The world must demand accountability for deported Uyghur refugee Ershidin Israel


For immediate release
June 8, 2011, 3:30 pm EST
Contact: Uyghur American Association +1 (202) 478 1920

Ershidin IsrailThe Uyghur American Association (UAA) strongly condemns the deportation of Uyghur refugee Ershidin Israel to China from Kazakhstan on May 30, 2011, and calls upon the international community to demand accountability from China regarding his whereabouts and treatment. In addition, UAA protests the failure of Kazakhstan and the United Nations High Commissioner for Refugees (UNHCR) to protect Mr. Israel, a former history teacher, and prevent his deportation to China, in violation of international conventions regarding non-refoulement and torture.

On the eve of the Jubilee Summit held by the Shanghai Cooperation Organization (SCO), set to take place on June 15, world leaders have a responsibility to exert pressure on current SCO president Kazakhstan and member state China regarding their treatment of Uyghur refugees. It is also vital that American officials and the European Union, and in particular Sweden, which had offered to resettle Israel, press Chinese officials for information on Israel’s case, including his current location, whether or not he has been formally charged with a crime, and whether or not he has been given access to a lawyer of his choice, instead of a government-appointed lawyer.

“Ershidin has now been sent into the black hole that is China’s legal system, where the only thing that is certain is that he will face torture and a lack of due process,” said Alim Seytoff, president of the Uyghur American Association. “Chinese silence about Ershidin’s situation is unacceptable. The world community must insist that China provide answers regarding his current status, or he will simply disappear. I fear that we will never hear about his fate, just as we have yet to hear what happened to the 20 Uyghurs who were deported from Cambodia in December 2009.”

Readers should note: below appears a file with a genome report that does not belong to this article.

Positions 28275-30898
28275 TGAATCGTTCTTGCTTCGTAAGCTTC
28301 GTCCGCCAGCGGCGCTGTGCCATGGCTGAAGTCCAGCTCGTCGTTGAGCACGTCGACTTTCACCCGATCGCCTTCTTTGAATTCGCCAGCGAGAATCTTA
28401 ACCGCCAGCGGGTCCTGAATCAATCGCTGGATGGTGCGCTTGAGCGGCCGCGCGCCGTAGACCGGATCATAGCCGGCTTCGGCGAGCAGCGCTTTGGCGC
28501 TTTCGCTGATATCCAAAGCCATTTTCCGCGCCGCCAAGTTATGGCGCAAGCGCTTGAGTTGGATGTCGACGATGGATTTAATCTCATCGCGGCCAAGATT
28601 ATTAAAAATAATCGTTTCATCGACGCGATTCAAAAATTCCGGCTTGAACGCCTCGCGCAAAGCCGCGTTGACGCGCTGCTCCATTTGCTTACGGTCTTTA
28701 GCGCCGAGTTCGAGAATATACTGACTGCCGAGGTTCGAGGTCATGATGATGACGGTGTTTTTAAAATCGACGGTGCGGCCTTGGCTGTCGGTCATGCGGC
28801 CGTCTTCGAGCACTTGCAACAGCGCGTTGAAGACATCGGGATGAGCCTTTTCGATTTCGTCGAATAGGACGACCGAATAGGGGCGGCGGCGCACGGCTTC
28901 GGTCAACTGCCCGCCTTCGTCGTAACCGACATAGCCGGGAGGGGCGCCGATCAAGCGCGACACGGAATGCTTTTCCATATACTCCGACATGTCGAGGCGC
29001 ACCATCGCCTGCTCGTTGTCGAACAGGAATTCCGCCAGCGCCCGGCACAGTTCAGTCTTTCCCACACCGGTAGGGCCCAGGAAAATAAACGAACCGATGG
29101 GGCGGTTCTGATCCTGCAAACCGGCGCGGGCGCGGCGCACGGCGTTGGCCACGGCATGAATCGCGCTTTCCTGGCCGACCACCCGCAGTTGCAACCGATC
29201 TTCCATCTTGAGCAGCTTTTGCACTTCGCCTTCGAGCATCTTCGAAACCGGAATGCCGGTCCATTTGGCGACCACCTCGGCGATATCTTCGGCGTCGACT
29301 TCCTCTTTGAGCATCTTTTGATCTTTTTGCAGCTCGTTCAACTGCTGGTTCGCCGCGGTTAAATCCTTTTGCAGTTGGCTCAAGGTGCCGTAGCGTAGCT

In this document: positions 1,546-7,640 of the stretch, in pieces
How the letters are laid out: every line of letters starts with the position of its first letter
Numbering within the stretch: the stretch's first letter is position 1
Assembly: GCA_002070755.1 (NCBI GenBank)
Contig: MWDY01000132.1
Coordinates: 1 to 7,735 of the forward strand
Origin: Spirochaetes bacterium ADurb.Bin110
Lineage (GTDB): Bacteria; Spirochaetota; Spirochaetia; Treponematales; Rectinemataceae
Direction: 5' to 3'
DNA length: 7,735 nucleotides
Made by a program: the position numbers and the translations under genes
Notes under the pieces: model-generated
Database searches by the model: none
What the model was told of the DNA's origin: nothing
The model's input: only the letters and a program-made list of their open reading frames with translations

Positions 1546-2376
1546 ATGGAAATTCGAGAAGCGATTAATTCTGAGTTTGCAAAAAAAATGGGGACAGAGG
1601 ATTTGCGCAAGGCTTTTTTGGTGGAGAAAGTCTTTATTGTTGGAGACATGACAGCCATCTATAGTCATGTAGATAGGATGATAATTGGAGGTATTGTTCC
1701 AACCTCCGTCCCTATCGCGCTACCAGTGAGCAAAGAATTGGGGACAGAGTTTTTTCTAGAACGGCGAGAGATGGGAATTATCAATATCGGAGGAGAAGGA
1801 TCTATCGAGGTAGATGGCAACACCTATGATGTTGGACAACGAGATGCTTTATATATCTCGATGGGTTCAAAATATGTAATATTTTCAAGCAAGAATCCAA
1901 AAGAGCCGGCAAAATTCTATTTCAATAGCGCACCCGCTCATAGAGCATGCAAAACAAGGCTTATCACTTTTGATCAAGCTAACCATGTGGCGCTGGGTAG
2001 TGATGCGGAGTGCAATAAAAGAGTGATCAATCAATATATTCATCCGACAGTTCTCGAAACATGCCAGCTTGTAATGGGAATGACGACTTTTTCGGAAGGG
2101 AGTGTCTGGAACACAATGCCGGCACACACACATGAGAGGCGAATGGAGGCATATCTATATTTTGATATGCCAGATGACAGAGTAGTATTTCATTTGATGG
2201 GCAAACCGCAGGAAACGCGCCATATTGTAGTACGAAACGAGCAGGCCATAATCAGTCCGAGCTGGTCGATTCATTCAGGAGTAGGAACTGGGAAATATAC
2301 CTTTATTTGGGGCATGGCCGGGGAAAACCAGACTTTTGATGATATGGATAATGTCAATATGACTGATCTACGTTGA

Chinese officials promised transparency in the legal procedures used with regard to the 20 Uyghurs returned to China from Cambodia, but have as yet failed to publicize what has become of them since their repatriation. The 20 Uyghurs, including one woman and two infants, had been in the process of applying for refugee status at the UNHCR office in Phnom Penh.

According to a Kazakh diplomat interviewed by Reuters, Chinese officials “gave written guarantees that Israel would not be executed” upon his return to China. However, China’s demonstrated lack of transparency regarding treatment of Uyghurs previously deported to China from other countries undermines the credibility of such guarantees.

Background on Ershidin Israel

Israel fled from China to Kazakhstan on foot in September 2009 after informing Radio Free Asia (RFA) reporters about the beating to death of Uyghur Shohret Tursun. Tursun was beaten to death in September 2009 while in detention for his alleged involvement in July 2009 unrest in the regional capital of Urumchi in East Turkestan. Israel also informed RFA about the arrest of two other Uyghur individuals, Haji Memet and Abdusalam Nasir, whom Chinese authorities had accused of providing information about Tursun’s death to RFA. Memet and Nasir were taken into detention on September 23, 2009 on charges of “leaking state secrets”, and their current situation is unknown.